The city theoretically could have used revenue sharing funds in place of general fund assets to cover its general fund expenses; however, the city had no known revenue sharing funds available to it past September 1983. The use of money from the city's capital improvement fund would forestall capital projects and make repayment to the fund unlikely. Other special revenue funds, such as the gas tax fund, are designated for particular purposes and cannot be drawn upon for general fund projects.
I. [1a] The trial court properly found that the fee/tax in question is not subject to the referendum process.
Appellants first argue that the city should be estopped from contending that their ordinance is a tax and not a fee since it did "not define the fee as a 'tax' in any way." This argument is made to bring the city within the purview of the Elections Code governing referenda petitions in municipal elections. Elections Code section 4055 states in pertinent part: "If the legislative body does not entirely repeal the ordinance against which the [referendum] petition is filed, the legislative body shall submit the ordinance to the voters ...."
Appellants cite no authority for the proposition that ordinances such as those in the present case impose "fees" rather than taxes.  Nevertheless, "'... designating as a tax that which in its elements is an assessment can have no effect in determining whether it is one or the other. The question must be decided by the nature of the imposition, and not by the mere [162 Cal. App. 3d 405] name by which it is called.' There are many other instances where the word 'tax' has been used to designate a special assessment. [Citations.]" (Los Angeles Co. F. C. Dist. v. Hamilton (1917) 177 Cal. 119, 129 [169 P. 1028].) Black's Law Dictionary (5th ed. 1979) page 1307, columns 1-2, makes the following comments regarding the difference between "taxes" and "assessments": "In a broad sense, taxes undoubtedly include assessments, and the right to impose assessments has its foundation in the taxing power of the government; and yet, in practice and as generally understood, there is a broad distinction between the two terms. 'Taxes,' as the term is generally used, are public burdens imposed generally upon the inhabitants of the whole state, or upon some civil division thereof, for governmental purposes, without reference to peculiar benefits to particular individuals or property. 'Assessments' have reference to impositions for improvements which are specially beneficial to particular individuals or property, and which are imposed in proportion to the particular benefits supposed to be conferred. They are justified only because the improvements confer special benefits, and are just only when they are divided in proportion to such benefits. As distinguished from other kinds of taxation, 'assessments' are those special and local impositions upon property in the immediate vicinity of municipal improvements which are necessary to pay for the improvement, and are laid with reference to the special benefit which the property is supposed to have derived therefrom." One court has characterized a collection of fees for the maintenance of a sewer system as a tax, stating that such a tax: "must reasonably be considered a taxation function. 'Taxes' are defined as burdens imposed by legislative power on persons or property to raise money for public purposes. [Citations.] ... And both assessment, i.e., 'the process of ascertaining and adjusting the shares respectively to be contributed by several persons toward a common beneficial object according to the benefit received' [citation], and collection, are included in 'the operation called levying the tax. The words are so used in the [Constitution].' [Citation.]" (Dare v. Lakeport City Council (1970) 12 Cal. App. 3d 864, 868 [91 Cal. Rptr. 124].) [1b] We conclude that the trial court properly found "the utilities charge in issue is a tax and not a fee."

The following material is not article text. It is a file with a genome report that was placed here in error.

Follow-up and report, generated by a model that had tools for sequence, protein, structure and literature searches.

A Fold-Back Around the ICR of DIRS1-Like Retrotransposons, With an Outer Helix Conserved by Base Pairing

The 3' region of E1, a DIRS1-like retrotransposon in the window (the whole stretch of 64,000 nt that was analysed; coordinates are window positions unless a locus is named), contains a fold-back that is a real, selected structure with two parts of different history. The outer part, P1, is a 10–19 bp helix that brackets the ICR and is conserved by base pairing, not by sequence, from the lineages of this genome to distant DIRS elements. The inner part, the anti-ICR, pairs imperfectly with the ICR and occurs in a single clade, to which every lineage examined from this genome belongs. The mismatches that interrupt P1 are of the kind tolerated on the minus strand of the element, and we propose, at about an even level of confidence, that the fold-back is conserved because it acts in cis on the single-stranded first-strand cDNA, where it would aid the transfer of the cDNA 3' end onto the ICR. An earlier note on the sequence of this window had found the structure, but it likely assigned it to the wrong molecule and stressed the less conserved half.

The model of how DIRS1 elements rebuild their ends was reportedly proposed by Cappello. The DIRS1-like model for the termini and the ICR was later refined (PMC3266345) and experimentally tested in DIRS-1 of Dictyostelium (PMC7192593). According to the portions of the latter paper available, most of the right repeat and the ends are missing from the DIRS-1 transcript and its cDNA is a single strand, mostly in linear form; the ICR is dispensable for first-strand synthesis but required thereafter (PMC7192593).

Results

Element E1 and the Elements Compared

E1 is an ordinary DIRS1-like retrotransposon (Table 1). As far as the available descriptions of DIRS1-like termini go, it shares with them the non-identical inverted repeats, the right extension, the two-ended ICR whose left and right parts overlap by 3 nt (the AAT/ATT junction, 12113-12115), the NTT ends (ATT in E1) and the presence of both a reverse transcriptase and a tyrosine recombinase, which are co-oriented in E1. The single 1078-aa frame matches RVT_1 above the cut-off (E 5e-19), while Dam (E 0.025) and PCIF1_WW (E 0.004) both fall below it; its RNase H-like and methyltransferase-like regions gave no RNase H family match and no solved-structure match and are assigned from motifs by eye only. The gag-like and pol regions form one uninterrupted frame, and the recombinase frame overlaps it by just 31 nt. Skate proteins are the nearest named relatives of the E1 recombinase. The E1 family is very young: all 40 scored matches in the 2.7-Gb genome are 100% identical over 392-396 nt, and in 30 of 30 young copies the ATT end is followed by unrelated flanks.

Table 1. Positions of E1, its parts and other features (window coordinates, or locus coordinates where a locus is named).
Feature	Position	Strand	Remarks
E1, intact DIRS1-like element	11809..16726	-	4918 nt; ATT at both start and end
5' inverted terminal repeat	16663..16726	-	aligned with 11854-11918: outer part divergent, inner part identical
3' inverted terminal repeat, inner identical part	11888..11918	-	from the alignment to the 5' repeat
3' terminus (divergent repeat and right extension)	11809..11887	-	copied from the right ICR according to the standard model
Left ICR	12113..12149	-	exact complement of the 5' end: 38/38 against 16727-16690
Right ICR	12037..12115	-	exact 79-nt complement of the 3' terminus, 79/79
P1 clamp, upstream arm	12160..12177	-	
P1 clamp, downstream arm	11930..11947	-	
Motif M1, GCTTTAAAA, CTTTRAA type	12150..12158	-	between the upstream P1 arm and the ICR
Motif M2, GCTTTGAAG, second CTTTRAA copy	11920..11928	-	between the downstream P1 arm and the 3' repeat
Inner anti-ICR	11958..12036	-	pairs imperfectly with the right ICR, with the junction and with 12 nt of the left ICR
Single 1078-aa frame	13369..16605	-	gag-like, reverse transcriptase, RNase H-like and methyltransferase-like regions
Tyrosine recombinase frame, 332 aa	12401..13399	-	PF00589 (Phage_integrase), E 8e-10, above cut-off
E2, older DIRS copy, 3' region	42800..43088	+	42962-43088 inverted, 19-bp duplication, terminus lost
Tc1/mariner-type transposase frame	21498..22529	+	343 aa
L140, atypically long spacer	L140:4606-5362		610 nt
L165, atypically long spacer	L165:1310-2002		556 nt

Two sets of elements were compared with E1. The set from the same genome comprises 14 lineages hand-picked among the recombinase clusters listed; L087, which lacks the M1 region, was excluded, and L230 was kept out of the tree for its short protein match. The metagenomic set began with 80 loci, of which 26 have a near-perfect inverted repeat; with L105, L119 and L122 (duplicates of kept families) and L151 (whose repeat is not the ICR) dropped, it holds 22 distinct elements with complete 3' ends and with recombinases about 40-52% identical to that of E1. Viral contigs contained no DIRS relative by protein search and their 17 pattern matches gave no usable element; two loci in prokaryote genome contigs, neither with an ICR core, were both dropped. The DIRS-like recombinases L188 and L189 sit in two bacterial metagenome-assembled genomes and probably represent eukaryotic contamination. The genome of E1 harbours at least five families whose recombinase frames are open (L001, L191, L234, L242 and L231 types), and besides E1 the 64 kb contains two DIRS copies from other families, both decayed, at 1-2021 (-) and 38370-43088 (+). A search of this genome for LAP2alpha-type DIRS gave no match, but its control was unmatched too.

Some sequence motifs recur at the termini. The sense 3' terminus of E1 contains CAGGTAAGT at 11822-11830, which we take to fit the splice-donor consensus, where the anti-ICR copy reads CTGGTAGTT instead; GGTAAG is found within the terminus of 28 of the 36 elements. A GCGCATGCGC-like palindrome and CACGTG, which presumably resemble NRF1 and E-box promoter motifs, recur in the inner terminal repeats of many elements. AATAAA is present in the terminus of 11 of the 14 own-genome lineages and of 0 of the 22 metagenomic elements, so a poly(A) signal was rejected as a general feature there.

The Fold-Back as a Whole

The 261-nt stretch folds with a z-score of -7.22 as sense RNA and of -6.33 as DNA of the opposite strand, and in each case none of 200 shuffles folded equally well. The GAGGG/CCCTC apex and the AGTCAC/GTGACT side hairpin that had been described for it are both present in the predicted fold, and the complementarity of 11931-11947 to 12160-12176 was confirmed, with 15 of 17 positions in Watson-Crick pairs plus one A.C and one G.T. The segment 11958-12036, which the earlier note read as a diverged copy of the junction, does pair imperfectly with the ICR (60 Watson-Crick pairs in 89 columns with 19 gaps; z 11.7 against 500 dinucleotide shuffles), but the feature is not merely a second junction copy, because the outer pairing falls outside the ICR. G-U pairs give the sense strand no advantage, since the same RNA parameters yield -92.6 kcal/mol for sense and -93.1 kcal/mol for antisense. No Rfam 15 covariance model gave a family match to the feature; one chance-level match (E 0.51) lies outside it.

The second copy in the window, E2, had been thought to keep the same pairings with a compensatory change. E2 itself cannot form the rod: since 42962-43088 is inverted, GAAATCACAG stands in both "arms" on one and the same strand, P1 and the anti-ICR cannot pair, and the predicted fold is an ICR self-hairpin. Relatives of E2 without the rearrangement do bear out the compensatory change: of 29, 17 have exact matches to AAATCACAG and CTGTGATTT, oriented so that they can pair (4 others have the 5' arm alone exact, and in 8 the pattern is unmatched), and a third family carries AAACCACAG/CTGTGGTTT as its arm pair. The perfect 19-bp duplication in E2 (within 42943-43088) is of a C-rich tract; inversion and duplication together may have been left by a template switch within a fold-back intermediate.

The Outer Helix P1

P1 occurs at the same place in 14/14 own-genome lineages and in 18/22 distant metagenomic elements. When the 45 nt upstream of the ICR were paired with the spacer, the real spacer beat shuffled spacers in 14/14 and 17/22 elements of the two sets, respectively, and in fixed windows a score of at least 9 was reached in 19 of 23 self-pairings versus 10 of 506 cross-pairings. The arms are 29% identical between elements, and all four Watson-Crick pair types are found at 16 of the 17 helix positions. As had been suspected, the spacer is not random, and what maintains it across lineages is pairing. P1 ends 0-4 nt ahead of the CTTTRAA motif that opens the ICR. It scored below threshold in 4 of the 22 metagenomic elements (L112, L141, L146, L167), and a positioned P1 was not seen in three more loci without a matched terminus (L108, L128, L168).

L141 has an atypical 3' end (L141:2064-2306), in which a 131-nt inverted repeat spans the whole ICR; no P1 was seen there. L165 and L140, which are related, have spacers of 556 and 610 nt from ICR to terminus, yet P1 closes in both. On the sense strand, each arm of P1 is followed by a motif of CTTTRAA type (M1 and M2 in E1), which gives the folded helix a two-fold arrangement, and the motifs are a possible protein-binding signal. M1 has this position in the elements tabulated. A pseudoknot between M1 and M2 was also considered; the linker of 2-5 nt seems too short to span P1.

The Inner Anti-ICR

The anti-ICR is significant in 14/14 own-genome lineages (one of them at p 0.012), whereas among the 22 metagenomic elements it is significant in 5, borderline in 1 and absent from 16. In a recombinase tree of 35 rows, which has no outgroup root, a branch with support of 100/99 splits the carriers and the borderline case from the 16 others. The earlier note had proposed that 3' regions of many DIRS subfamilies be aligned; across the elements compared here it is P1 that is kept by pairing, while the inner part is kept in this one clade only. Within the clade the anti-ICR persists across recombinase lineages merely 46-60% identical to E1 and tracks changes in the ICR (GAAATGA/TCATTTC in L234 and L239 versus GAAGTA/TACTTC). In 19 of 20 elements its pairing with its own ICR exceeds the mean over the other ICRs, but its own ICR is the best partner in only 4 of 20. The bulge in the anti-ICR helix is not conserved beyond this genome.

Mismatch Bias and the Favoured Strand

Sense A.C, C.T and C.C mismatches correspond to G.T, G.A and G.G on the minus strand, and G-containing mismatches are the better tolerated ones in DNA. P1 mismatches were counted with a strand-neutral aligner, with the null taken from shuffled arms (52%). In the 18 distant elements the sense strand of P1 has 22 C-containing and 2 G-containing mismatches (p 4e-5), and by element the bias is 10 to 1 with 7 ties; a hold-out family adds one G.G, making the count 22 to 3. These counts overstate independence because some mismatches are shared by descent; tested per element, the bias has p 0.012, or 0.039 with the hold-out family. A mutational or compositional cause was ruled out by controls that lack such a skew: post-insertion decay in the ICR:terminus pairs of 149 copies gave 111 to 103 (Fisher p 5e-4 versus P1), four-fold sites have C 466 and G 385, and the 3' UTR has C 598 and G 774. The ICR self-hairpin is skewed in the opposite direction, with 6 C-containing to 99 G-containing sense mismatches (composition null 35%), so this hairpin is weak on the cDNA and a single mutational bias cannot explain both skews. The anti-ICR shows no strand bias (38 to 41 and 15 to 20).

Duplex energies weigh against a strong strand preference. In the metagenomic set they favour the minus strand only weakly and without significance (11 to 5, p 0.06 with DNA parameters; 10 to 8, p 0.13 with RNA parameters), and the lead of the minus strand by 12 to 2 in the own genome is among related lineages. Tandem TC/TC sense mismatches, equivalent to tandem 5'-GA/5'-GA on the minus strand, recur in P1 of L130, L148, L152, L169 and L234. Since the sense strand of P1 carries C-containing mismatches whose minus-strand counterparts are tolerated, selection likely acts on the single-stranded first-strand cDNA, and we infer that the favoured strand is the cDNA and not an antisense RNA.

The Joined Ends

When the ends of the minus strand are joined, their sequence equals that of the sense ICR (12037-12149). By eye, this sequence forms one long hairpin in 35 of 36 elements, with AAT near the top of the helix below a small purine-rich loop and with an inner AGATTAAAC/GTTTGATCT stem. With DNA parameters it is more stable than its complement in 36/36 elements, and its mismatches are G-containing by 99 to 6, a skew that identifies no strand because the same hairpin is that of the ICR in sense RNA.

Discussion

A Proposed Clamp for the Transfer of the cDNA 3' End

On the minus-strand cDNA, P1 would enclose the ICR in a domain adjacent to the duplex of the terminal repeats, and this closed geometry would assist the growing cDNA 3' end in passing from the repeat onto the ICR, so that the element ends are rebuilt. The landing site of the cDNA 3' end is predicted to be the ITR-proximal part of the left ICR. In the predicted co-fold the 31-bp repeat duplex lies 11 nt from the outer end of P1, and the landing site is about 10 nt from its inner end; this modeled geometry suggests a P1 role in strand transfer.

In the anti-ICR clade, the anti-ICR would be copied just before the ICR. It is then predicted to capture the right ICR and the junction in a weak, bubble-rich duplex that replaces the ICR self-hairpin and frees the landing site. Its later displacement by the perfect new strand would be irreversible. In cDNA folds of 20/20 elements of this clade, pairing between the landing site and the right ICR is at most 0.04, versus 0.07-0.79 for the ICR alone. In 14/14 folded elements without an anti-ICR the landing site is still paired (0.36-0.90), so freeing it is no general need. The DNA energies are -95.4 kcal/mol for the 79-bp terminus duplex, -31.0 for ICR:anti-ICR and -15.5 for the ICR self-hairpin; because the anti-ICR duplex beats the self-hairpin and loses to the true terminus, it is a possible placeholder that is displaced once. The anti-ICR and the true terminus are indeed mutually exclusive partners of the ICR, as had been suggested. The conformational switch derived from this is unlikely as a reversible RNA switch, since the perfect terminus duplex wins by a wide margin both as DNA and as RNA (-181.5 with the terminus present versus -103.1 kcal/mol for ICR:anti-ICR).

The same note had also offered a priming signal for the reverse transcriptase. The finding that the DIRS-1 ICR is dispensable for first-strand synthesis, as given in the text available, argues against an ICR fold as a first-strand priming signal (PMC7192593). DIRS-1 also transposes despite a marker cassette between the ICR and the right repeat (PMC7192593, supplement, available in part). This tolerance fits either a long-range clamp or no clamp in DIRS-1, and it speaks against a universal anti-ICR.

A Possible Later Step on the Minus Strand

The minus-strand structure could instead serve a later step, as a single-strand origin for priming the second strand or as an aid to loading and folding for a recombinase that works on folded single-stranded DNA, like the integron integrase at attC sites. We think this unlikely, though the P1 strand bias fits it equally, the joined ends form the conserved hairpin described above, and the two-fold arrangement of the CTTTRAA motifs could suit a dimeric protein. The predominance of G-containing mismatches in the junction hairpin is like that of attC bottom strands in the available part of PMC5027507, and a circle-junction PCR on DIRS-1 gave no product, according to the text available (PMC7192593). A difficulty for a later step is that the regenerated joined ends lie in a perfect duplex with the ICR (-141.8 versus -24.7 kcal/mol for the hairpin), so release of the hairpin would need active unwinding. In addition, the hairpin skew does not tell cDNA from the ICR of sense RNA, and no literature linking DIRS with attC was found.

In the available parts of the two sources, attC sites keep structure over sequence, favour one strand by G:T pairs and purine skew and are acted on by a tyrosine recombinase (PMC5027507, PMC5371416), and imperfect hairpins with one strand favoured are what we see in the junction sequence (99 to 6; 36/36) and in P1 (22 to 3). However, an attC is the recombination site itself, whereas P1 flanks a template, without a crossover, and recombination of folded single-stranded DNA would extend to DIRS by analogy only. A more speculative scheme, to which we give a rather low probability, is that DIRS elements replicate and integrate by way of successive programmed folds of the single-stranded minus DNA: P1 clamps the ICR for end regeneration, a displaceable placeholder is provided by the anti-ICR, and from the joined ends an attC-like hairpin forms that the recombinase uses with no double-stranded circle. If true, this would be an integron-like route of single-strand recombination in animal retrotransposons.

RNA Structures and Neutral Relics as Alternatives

The next question is whether this tax was subject to referendum. [3, 1c] The overwhelming weight of authority, beginning with the California Constitution itself, holds that citizens may not challenge properly imposed taxes by referendum. "Sec. 9. (a) The referendum is the power of the electors to approve or reject statutes or parts of statutes except urgency statutes, statutes calling elections, and statutes providing for tax levies or appropriations for usual current expenses of the State." (Cal. Const., art. II, § 9, subd. (a), italics added.)
Several cases recognize that not only state taxes but local taxes are immune from the referendum: "California's Constitution, article IV, section [162 Cal. App. 3d 406] 23 ... provides that the referendum power does not lie to 'statutes providing for tax levies or appropriations for usual current expenses of the State.' ...